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Recovering contact with and in aliveness

Tami Simon interviews Micah Mortali about his workshops and writing on Rewilding (link below).

Mortali shares key ideas from the field of diagnosing and healing and recovering our contact with aliveness: "...we may be suffering from what Robin Wall Kimmerer calls 'species loneliness'..." "I think that the earth has the solutions. I don't think we have them. And I think we have to get out there and start listening and paying attention to the weather, to the animals and the plants on our lands. We have to become a part of this earth again if we're going to be a part of what's coming next."

"...the hurricane is our teacher. It will teach us how to live in Florida. It will teach us how to build our houses and where to build our houses. The earth can teach us how to live here if we listen. But if you look at the modern home, it's built with absolutely no consideration of where it is on the land."

"It's strengthening to be uncomfortable and be outside and get cold and get hot and get wet and get dry."

And he shares his own "bear story"-- "I was feeling a lot of gratitude, and I just started praying and I just said a prayer: I asked my divine Spirit to come and share in my gratitude with me. I was just feeling really good about where I was in my life and I just was saying thank you, and I really just invited Spirit to come and sit with me. And those were my words that I spoke out loud in that moment.

"And for some reason or other, a few seconds after I uttered those words, I started to hear footsteps in the forest and I thought it was somebody hiking, so I just continued to meditate. And then, I noticed that the sound of movement was getting a little closer, a little closer, and I started to wonder what was going on. But I remained still. And then, I heard a twig snap right behind the tree, like two feet behind me. And I heard a loud exhalation, like a [makes loud breathing noise], and all the hair on the back of my neck stood up and every cell in my body, I knew that there was a bear right behind me."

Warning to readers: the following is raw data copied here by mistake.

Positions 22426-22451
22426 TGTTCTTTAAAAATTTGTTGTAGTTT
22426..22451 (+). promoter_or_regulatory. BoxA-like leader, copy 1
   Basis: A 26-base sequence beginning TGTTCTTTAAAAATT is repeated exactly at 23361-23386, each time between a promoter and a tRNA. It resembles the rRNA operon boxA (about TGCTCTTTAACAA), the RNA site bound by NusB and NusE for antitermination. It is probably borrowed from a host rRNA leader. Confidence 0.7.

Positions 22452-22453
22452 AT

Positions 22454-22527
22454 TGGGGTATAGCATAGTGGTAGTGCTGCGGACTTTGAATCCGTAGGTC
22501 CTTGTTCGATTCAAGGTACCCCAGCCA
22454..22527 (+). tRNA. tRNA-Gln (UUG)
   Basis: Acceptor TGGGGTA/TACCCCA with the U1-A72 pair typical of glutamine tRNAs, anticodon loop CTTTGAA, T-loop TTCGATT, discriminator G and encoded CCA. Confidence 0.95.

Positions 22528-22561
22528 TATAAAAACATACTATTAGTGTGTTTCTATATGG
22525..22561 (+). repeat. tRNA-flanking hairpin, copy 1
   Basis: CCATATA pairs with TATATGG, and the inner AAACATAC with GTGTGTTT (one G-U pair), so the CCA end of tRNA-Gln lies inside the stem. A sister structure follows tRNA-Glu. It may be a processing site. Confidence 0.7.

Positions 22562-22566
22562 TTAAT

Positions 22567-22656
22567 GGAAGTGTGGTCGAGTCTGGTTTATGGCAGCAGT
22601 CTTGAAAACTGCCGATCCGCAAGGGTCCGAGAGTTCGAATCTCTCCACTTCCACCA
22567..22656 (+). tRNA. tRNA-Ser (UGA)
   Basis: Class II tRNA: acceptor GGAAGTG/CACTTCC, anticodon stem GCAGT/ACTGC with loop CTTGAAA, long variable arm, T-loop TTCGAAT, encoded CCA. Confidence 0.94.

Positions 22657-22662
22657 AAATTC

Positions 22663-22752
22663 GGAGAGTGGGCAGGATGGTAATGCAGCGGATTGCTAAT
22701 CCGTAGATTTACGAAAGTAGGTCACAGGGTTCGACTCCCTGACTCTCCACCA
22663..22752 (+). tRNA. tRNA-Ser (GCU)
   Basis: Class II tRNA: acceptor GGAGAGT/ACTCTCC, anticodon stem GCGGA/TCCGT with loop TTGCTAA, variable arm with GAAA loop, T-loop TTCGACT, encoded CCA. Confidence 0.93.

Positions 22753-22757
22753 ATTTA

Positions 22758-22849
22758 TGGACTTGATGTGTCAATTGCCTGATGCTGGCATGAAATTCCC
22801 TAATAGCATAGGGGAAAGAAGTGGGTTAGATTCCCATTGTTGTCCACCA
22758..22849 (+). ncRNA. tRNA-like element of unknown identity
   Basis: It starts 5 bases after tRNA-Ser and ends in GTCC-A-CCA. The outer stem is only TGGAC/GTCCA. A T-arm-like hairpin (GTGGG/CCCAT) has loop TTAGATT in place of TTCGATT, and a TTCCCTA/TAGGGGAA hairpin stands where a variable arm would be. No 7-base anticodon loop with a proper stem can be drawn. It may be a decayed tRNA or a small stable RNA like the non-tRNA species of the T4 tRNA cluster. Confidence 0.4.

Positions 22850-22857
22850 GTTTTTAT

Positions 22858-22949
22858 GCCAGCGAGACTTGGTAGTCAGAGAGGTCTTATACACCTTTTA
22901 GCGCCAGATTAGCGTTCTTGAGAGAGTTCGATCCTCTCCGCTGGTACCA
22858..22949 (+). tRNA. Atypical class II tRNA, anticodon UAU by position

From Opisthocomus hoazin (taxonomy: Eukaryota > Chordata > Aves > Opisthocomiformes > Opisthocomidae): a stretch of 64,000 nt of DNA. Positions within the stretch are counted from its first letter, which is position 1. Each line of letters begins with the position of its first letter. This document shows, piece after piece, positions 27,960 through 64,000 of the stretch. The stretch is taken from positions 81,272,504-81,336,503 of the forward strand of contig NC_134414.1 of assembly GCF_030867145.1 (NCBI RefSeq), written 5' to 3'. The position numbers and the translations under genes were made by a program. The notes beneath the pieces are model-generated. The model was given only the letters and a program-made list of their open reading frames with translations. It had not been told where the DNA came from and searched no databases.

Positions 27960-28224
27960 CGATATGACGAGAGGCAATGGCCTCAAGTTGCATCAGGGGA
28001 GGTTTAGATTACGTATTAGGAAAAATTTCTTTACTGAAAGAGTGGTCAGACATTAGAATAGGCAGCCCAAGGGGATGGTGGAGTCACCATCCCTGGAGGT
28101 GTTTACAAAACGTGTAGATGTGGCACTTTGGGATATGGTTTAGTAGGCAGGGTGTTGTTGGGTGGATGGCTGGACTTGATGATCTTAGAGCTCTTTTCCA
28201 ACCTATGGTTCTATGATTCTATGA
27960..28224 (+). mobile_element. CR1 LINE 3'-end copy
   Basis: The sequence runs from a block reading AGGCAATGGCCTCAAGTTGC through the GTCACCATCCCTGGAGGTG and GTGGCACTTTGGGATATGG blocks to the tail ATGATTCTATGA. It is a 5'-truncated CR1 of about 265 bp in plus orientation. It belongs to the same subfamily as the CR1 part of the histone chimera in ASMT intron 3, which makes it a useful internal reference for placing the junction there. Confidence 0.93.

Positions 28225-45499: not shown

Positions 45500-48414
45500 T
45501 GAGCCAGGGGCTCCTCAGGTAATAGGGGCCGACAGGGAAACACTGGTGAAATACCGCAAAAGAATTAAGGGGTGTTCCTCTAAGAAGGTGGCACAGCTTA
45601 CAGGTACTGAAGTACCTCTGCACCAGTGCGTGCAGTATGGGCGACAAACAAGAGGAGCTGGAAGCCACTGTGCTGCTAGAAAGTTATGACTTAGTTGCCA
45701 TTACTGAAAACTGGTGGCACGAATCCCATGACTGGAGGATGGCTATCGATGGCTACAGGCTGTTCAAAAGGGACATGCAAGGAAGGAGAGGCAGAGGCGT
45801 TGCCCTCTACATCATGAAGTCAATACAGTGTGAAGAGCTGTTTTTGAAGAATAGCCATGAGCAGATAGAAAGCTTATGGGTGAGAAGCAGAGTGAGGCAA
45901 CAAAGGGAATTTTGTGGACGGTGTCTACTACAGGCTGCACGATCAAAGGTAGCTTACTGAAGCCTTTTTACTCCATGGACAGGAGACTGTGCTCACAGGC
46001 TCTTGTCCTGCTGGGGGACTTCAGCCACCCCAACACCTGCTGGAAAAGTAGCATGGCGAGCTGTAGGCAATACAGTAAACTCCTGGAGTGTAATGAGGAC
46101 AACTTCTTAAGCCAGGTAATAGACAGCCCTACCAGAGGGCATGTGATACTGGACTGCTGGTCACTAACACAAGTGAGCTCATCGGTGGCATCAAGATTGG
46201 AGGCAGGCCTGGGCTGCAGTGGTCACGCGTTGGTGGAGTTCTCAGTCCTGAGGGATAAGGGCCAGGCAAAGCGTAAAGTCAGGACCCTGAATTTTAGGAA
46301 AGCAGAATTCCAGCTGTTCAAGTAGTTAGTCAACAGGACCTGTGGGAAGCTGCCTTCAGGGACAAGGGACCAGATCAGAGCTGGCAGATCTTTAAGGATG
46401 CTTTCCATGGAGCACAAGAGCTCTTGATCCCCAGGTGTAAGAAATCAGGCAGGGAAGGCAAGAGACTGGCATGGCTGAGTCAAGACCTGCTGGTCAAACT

And practices like ancestral skills such as making a fire without matches using a bow drill: "...turning a wooden spindle against a small piece of wood with something that looks like a bow and you're drawing the bow back and forth, and the spindle is spinning and it's being pressed down into another piece of wood. And the friction creates heat, and that heat begins to smoke. And you have a little bit of dust from the wood that's being ground off. And eventually that dust will ignite into a coal, which just smolders, and you place it into a little bundle of tinder that you hold in your hand and you blow into it. And then, out of your palm leaps a flame.

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